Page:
The Birth of Cinema

Georges Méliès – The Movies Begin – Disc 4 – The Magic of Méliès (1904 – 1908)

The Magic of Méliès
Director: Georges Méliès
Country: France
Year: 1904-1908
Tribute is paid to the screen’s first special effects wizard in this special collection of marvelously restored prints. In addition to more than a dozen of his early trompes l’oeil – such as Untamable Wiskers, Tchin-Chao, the Chinese Conjurer, and The Mermaid – this volume boasts the illuminating documentary, Georges Méliès, Cinema Magician and a rare hand-tinted print of the fantastic spectacle An Impossible Voyage. Read More »

Maurice Tourneur – The Poor Little Rich Girl [+extra] (1917)

Quote:
Gwen’s family is rich, but her parents ignore her and most of the servants push her around, so she is lonely and unhappy. Her father is concerned only with making money, and her mother cares only about her social position. But one day a servant’s irresponsibility creates a crisis that causes everyone to rethink what is important to them. Read More »

Yevgeni Bauer – Posle smerti AKA After Death (1915)

Posle Smerti [After Death]A titan of the early Russian cinema, Evgenii Bauer was born in Russia in 1865. His father was a renowned zither-player, while his sisters became actresses. Bauer graduated from the Moscow Institute of Painting, Sculpture and Architecture. Over the years, he was an amateur actor, a caricaturist for magazines, a newspaper satirist, a theatrical impresario, and an artistic photographer. He was especially recognized for designing sets for theatrical productions, a talent that eventually brought him into the cinema when he designed the sets for Drankov and Taldykin’s commemorative historical film, Trekhsotletie Tsarstvovaniya Doma Romanovykh (The Tercentenary of the Rule of the Romanov Dynasty), released in 1913. Encouraged by Drankov and Taldykin, Bauer, then 48 years of age, graduated to directing for their company. Read More »

J. Searle Dawley – Frankenstein (1910)

Frankenstein, a young medical student, trying to create the perfect human being, instead creates a misshapen monster. Made ill by what he has done, Frankenstein is comforted by his fiancée but on his wedding night he is visited by the monster. A fight ensues but the monster, seeing himself in a mirror, is horrified and runs away. He later returns, entering the new bride’s room, and finds her alone. Read More »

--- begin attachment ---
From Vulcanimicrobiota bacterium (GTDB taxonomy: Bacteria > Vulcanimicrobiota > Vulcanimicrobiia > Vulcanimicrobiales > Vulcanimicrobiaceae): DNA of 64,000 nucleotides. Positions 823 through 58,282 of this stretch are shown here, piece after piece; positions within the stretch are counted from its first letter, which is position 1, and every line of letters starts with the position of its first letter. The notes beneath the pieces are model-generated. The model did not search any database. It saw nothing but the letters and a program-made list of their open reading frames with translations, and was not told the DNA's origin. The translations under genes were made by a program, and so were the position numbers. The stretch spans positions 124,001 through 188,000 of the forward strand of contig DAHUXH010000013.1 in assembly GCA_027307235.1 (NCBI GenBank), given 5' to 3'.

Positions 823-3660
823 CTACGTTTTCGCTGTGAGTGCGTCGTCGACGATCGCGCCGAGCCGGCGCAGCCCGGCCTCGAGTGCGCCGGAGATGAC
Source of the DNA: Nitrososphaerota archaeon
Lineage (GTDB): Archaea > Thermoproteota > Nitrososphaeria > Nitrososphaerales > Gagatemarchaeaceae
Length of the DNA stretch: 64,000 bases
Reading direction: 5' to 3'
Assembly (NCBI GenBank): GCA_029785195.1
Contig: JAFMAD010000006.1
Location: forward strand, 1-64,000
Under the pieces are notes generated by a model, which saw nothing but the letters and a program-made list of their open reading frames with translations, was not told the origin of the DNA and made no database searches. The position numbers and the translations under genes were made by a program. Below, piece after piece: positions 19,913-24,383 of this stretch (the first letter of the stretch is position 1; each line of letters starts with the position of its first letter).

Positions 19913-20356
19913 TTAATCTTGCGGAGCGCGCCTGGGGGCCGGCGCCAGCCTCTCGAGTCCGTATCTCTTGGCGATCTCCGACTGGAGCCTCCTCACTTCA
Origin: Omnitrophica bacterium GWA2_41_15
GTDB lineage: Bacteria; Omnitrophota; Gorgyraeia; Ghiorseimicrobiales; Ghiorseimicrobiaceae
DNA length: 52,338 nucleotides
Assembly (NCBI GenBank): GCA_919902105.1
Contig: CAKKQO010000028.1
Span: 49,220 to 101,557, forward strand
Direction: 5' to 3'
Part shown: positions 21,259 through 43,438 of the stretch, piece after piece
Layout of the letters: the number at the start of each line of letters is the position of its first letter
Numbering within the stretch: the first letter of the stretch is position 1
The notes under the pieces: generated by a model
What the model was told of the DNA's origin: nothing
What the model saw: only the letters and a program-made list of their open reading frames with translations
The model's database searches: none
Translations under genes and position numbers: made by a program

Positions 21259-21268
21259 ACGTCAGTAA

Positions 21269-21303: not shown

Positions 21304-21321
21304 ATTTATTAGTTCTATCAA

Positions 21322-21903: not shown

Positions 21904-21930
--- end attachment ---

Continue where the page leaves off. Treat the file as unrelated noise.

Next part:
Jean Painlevé – Science is Fiction: 23 Films by Jean Painlevé (2009) (DVD)

The mesmerizing, utterly unclassifiable science films of Jean Painlevé (1902-89) must be seen to be believed: delightful, surrealist-influenced dream works that are also serious science. The French filmmaker-scientist-inventor had a decades-spanning career in which he created hundreds of short films on subjects ranging from astronomy to pigeons to, most famously, such marine-life marvels as the sea horse and the sea urchin. This definitive three-disc Criterion collection brings together the best of these, and includes more than two hours of interviews with the filmmaker, drawn from the eight-part French television series Jean Painlevé Through His Films, directed by Denis Derrien and Hélène Hazera. Also included is The Sounds of Science, an original score by Yo La Tengo to Jean Painlevé’s films, plus an interview with the band. Read More »

Maurice Tourneur – The Wishing Ring: An Idyll of Old England (1914)

AMG wrote:
According to film historian William K. Everson, to offer a fully detailed synopsis of Maurice Tourneur’s delightful period piece The Wishing Ring “would do a disservice to its charm.” Suffice to say that the film’s wide-eyed heroine Vivian Martin comes into possession of a ring which she believes to have magical powers. Armed with this belief alone, the girl is able to change the course of her entire life. Read More »

Nino Oxilia – Rapsodia satanica aka Satan’s Rhapsody (1915)

Quote:
Rapsodia Satanica (1915) was the last film directed by Nino Oxilia and is undoubtedly one of the finest achievements of the early Italian cinema. In it, Oxilia spins a variation on the Faust myth, embodied here by the diva Lyda Borelli. Typical of extravagant D’Annunzian aestheticism at its height, Rapsodia Satanica was one of the summits of what was later called the “tail coat film.” Diametrically opposed to the “cinema of reality” practiced by Serena, Martoglio and others, “tail coat films” set their melodramatic stories in the salons and villas of the upper middle class and the aristocracy, deploying narrative structures contrived to showcase their actors and especially its actresses. This had the effect of accentuating their physical presence and turning them into stars – probably the first stars in movie history. The success of the “dive” contributed to the development of motion picture grammar in its special use of the close-up.
Written by Anthony Kobal Read More »